A new programme recently kicked-off that aims to help Dutch SMEs and industry manufacture certified 3D metal printing products. Six companies are already participating in the programme and it is expected that this number will double. The programme’s total budget is 5.5 million euros.
This Public-Private Partnership programme, set up by the TO2 institutes NLR and TNO, will run for four years. This so-called ‘Metal Additive Manufacturing’ programme was established with the assistance of the Ministry of Economic Affairs and fits within the Top Sector HTSM.
The programme is a textbook example of collaboration within the ‘golden triangle’ of government, institutes and industry. In addition to EZ, NLR and TNO, six other companies are currently participating in the programme, including one SME. Dutch universities are also involved, with the programme offering three PhD positions.
Why 3D printing?
The great design freedom, possibilities for integrating functions, and high material efficiency offer great opportunities for 3D metal printing in demanding applications, such as Aerospace and High-End industry. Weight reduction and improved functionality provide additional value to these applications. The main limitation for large-scale 3D printing applications is the lack of available methods for certifying 3D metal printing processes.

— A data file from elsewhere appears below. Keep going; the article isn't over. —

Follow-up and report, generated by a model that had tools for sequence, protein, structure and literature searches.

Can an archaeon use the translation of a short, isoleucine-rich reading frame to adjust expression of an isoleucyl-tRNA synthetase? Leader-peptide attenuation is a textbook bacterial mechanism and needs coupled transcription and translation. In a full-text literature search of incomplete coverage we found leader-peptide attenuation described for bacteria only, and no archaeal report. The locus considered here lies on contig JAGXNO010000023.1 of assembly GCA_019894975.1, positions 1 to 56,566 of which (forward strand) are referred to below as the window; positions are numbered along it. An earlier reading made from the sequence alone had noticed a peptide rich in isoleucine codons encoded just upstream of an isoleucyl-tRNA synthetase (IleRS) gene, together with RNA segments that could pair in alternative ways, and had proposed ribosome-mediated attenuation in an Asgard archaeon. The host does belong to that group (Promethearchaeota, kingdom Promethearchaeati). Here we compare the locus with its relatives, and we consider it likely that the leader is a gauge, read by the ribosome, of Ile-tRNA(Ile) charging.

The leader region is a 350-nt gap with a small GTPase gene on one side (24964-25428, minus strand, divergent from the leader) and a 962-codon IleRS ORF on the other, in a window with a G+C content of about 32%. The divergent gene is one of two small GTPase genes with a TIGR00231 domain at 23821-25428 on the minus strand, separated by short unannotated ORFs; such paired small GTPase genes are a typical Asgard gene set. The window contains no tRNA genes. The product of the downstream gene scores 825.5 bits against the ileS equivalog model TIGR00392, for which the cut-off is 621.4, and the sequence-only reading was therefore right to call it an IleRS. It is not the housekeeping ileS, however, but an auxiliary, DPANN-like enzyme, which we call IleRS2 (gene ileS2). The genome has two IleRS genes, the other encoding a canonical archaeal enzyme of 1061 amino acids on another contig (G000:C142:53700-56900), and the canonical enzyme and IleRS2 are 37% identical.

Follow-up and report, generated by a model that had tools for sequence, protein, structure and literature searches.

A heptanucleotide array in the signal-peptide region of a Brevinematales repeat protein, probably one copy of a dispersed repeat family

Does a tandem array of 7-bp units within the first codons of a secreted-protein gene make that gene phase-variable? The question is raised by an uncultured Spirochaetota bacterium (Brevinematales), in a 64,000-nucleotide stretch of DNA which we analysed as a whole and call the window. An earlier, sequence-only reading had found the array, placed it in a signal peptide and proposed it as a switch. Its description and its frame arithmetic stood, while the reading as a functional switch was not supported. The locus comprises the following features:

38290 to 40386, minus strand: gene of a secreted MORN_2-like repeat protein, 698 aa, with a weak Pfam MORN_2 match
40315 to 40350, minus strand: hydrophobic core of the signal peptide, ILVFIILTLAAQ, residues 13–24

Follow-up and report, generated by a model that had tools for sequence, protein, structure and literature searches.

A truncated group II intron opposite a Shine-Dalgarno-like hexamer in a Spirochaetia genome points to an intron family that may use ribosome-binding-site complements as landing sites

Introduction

Several large aerospace companies with self-certification-authority are currently developing methods for the qualification of their 3D printed products. However, it is much more difficult for smaller companies to do this alone.
NLR and TNO have set up this PPS programme for Dutch industry, in order to establish the necessary foundation whereby metal products with multiple applications can be manufactured at a competitive price and with a consistent print quality.
Specialist areas covered by the programme include: material knowledge, processing knowledge, certification & qualification, and design methods. In addition, participating companies are given the opportunity to include a technology demonstrator.
The PPPs are currently being drafted and signed. There are however still openings for industry and SMEs to participate. To take part in the programme, industry annually contributes â‚¬50K (or â‚¬30K and â‚¬20K, in kind), SME’s â‚¬25K for a ‘Premium membership’ (which includes the possibility of introducing a demonstrator and participating in the Programme Board), or â‚¬15K in order to receive access to all technical findings. NLR and TNO each contribute â‚¬200K annually.
Interested parties should contact:
Metal Additive Manufacturing Technology Centre
Marc de Smit